The phones have been ringing off the hook here at KnowBe4. Not customers of ours but people that were hit with CryptoWall V2.0, needed bitcoin urgently, did a websearch and wound up with us because of our crypto-ransom guarantee.
The folks at Proofpoint just wrote a long blog post explaining exactly why this is. In a nutshell, CryptoWall V2.0 now uses poisoned ads on sites like Yahoo, AOL and Match.com to infect networks.
They said: "The sites themselves were not compromised; rather, the advertising networks upon which they relied for dynamic content were inadvertently serving malware".
This means a so-called drive-by-dowload where the user does not have
to click on anything. Up to now, CryptoWall was spread via spam with infected email attachments and download links sent by the Cutwail botnet.
The website visitors impacted by this malvertising are people who run vulnerable versions of Adobe Flash Player. According to Proofpoint "the malvertisements silently ‘pull in' malicious exploits from the FlashPack Exploit Kit”.
According to security researchers at Dell SecureWorks, more than 830,000 victims worldwide have been infected with ransomware, a 25% increase in infections since late August when there were 625,000 victims.
Recent data taken directly from the CryptoWall ransom payment server shows a total of just over one $1,000,000 had been paid from March through August 2014, and since then a further 205,000 new victims have been claimed.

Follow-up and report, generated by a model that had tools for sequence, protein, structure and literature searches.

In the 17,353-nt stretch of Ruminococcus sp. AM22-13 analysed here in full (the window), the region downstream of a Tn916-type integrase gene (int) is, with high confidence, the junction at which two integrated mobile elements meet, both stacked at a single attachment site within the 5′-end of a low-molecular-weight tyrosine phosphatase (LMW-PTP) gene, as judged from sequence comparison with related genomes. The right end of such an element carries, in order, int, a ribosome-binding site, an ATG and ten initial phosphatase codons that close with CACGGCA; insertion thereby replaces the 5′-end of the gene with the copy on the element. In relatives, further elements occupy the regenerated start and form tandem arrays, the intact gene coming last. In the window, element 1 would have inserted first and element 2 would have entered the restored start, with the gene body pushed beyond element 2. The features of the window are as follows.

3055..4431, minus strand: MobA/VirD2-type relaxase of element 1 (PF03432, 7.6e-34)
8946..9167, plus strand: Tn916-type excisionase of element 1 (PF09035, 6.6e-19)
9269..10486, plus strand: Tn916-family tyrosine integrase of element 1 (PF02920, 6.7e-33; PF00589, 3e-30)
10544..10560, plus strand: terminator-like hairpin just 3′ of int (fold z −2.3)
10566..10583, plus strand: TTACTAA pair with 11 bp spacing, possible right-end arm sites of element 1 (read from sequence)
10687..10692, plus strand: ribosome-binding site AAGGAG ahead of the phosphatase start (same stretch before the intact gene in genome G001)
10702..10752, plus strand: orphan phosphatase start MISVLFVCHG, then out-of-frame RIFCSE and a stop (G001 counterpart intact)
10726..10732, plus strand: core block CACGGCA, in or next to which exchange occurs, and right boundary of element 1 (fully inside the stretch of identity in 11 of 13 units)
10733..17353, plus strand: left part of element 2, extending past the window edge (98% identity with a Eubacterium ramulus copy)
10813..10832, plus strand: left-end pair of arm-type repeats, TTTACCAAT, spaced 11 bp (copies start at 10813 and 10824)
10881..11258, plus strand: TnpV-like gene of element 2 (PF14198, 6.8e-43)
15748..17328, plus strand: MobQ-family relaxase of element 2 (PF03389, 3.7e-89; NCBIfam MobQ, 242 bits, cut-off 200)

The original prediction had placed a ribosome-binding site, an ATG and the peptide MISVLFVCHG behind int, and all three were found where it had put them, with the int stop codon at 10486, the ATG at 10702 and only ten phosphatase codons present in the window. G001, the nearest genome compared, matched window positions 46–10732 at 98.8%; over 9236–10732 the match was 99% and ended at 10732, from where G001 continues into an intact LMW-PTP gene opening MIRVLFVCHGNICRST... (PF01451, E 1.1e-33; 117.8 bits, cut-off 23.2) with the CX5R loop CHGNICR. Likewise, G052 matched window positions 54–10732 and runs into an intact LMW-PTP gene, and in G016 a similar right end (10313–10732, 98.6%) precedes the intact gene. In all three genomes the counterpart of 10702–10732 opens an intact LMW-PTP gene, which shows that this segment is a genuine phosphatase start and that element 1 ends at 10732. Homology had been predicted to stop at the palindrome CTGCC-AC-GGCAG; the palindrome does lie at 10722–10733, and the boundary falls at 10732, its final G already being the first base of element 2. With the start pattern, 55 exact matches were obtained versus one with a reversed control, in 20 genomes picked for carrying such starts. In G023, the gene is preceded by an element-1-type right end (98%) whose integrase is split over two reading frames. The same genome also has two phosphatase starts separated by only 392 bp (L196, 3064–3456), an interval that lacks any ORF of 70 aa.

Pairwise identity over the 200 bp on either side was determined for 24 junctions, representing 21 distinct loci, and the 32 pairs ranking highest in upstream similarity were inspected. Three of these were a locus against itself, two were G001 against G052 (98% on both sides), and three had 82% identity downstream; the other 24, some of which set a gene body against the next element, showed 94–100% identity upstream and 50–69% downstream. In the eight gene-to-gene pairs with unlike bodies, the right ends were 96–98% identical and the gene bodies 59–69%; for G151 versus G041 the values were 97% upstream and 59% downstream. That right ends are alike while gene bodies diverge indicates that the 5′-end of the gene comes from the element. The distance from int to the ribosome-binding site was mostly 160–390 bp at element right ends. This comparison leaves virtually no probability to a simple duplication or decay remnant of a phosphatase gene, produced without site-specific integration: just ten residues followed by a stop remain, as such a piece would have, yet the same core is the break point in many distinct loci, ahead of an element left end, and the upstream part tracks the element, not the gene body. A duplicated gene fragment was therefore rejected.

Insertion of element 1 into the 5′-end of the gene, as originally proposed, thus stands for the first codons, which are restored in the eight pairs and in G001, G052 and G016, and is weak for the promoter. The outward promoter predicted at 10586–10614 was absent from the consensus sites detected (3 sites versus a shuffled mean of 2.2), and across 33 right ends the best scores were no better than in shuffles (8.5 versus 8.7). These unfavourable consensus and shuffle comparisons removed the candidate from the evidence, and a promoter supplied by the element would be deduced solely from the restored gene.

So, apart from (close to) real-time fileserver backups I now also strongly recommend to deploy ad blockers for all the browsers in your organization if you have not already done that, or make sure you use endpoint security that has ad-blocking built-in. Focus on all endpoints being fully patched, Windows and all third party apps. Also, configure endpoint browsers to only execute plug-in content when clicked rather than automatically.
Some browsers like Google Chrome and Mozilla Firefox allow you to enable click-to-play for
plug-in based content, which can stop the automatic execution on exploits that target browser plug-ins. Deploying a whitelisting product on all machines is also something you could look at.
Having an Acceptable Use Policy (AUP) in place that forbids employees to use their machines for private browsing and have an edge device that blocks selected groups of websites (like all social media) is also more and more something you should have in place.
And obviously stepping all employees through effective security awareness training is a must these days. Find out how affordable this is for your own organization. Click on the button and get a quote: